Champions use days, they don’t let them happen.  Champions do daily what the mediocre do occasionally.  Champions figure you’re allowed to fail; you’re just not allowed to quit.  Champions think value, not cost; investment, not loss.

“But I’m no champion.”  If that’s your attitude, you’re right.

This is all your choice, this use of today.  You can do with it what you want to do with it.

Today is the day where EVERYTHING changes if you want it to.

There won’t be any perfect day in the future.  Today is the perfect day–if you’re willing to use it.

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You know where your quitting point is.  It’s that place you reach where you’ve programmed your mind to divert to something less taxing, less painful, less unpleasant.  You’re fine, pumped, revved–until you reach “My Quitting Point”.  So let’s say you’re already there.

The door marked “MQP” is right there on your left.  The one in front of you is marked, “WELL?” 

Two choices, right?

  • Ease on into that well-oiled, smoothly opening portal to shaming-yet-familiar failure, swearing “Next time!”
  • Force your way past the taxing, painful, unpleasant stuff and put Today in the WIN column.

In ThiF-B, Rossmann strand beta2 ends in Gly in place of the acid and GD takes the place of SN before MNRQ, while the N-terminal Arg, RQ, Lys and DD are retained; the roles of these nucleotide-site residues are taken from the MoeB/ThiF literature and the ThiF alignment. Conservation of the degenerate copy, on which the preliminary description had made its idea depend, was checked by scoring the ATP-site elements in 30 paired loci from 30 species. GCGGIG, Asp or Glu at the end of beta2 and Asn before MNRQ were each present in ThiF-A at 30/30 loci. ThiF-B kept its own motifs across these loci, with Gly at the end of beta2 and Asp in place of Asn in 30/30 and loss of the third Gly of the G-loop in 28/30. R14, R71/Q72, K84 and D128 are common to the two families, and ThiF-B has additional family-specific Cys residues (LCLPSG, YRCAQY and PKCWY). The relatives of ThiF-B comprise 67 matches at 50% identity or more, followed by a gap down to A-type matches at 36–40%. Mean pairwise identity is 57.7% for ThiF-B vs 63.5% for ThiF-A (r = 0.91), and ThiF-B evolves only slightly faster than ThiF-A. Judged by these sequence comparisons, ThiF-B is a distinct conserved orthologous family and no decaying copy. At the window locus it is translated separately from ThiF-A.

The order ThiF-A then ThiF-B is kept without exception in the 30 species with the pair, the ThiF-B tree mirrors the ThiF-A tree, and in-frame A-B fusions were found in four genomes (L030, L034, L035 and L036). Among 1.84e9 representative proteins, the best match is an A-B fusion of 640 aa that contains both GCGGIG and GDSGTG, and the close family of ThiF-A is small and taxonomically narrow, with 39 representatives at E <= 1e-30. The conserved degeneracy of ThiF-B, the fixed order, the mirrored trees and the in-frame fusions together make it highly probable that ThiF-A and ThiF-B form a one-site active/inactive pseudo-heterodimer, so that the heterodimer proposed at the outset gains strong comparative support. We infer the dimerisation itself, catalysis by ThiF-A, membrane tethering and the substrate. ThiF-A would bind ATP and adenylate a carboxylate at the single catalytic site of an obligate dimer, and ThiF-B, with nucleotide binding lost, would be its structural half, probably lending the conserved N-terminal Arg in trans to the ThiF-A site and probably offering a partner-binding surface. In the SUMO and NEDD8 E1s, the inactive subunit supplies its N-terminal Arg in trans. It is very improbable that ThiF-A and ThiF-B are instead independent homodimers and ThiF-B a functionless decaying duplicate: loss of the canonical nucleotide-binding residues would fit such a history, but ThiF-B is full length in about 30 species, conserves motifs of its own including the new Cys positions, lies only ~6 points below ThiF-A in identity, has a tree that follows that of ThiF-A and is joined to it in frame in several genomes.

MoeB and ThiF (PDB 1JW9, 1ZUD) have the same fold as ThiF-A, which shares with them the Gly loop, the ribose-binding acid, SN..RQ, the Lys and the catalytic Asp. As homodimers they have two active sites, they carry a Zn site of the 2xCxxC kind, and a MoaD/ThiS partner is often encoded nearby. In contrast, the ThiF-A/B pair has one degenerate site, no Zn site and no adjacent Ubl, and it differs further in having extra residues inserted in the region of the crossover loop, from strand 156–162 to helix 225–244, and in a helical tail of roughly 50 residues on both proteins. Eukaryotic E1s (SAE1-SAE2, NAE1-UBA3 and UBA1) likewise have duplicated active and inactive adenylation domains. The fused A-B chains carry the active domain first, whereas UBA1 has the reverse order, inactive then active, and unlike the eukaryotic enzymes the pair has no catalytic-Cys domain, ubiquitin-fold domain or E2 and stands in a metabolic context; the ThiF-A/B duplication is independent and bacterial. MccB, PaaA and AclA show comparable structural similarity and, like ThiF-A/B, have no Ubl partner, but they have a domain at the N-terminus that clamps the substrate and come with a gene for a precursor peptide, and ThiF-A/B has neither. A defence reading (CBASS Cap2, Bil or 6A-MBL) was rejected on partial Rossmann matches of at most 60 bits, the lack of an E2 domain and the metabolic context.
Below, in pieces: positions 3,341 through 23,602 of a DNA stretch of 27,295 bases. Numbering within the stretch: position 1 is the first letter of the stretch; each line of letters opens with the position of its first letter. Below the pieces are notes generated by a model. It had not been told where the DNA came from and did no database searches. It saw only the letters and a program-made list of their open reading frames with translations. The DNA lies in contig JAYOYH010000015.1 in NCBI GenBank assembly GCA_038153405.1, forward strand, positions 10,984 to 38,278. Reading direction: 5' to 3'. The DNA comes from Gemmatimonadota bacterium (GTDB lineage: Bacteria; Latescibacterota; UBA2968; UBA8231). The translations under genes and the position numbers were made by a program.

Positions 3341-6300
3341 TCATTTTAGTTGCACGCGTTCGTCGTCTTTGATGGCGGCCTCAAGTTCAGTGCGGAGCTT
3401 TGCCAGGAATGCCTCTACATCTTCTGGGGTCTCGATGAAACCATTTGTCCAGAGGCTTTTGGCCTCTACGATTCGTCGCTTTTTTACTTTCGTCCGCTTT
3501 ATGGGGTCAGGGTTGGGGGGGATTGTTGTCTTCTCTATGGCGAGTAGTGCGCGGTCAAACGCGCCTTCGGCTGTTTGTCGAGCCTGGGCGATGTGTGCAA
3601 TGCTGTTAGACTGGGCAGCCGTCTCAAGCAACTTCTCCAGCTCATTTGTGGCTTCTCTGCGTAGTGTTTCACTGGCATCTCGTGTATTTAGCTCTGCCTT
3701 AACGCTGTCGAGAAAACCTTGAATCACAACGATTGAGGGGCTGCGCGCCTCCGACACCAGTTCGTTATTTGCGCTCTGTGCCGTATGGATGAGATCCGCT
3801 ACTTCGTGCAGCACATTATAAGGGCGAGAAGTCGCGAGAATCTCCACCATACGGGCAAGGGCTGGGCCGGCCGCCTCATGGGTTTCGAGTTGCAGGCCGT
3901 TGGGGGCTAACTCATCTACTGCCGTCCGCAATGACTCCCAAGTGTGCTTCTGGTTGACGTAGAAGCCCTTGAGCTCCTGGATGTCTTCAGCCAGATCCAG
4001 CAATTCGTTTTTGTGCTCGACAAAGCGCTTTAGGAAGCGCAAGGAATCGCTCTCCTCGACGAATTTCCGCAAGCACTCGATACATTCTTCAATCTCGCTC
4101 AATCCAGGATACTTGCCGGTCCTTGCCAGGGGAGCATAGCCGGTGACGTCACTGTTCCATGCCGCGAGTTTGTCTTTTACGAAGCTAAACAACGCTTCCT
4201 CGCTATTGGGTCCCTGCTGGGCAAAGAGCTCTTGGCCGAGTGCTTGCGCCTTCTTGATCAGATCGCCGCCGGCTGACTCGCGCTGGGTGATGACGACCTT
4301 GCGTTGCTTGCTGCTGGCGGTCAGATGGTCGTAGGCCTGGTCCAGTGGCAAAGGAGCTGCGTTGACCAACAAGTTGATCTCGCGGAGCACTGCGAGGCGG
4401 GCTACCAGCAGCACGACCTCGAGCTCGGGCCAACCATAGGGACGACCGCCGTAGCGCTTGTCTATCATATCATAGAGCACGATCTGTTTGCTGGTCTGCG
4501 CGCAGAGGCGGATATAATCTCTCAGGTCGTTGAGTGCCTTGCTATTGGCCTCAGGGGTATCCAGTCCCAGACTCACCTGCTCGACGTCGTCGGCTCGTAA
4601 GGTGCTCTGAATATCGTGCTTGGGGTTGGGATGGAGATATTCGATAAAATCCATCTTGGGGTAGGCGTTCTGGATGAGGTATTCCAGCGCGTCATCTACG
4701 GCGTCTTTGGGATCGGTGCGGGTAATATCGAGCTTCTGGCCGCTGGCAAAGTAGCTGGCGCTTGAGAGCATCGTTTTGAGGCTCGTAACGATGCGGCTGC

Champions make the second one happen because they know the deadening, numbing cost of the first.  Persistence gets you past the resistance of those looking on who are comfortable and see you making them look bad.  If your goals for today set you apart from those you’re used to hanging with, stay alone.  God will direct you to better company because you’re being better company.

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Tough toenails.  Choices:  remember?

So, yeah.

Today is the day where EVERYTHING changes if you want it to.  Your personal walk with God, your health and wellness, your profession, your attitude, your outlook, your habits, your friendships, your associations–any or all of those can change today, if you want that.  Begin the process of stringing together a whole bunch of  championship todays.  Yours!

There won’t be any perfect day in the future.  Today is the perfect day–if you’re willing to use it.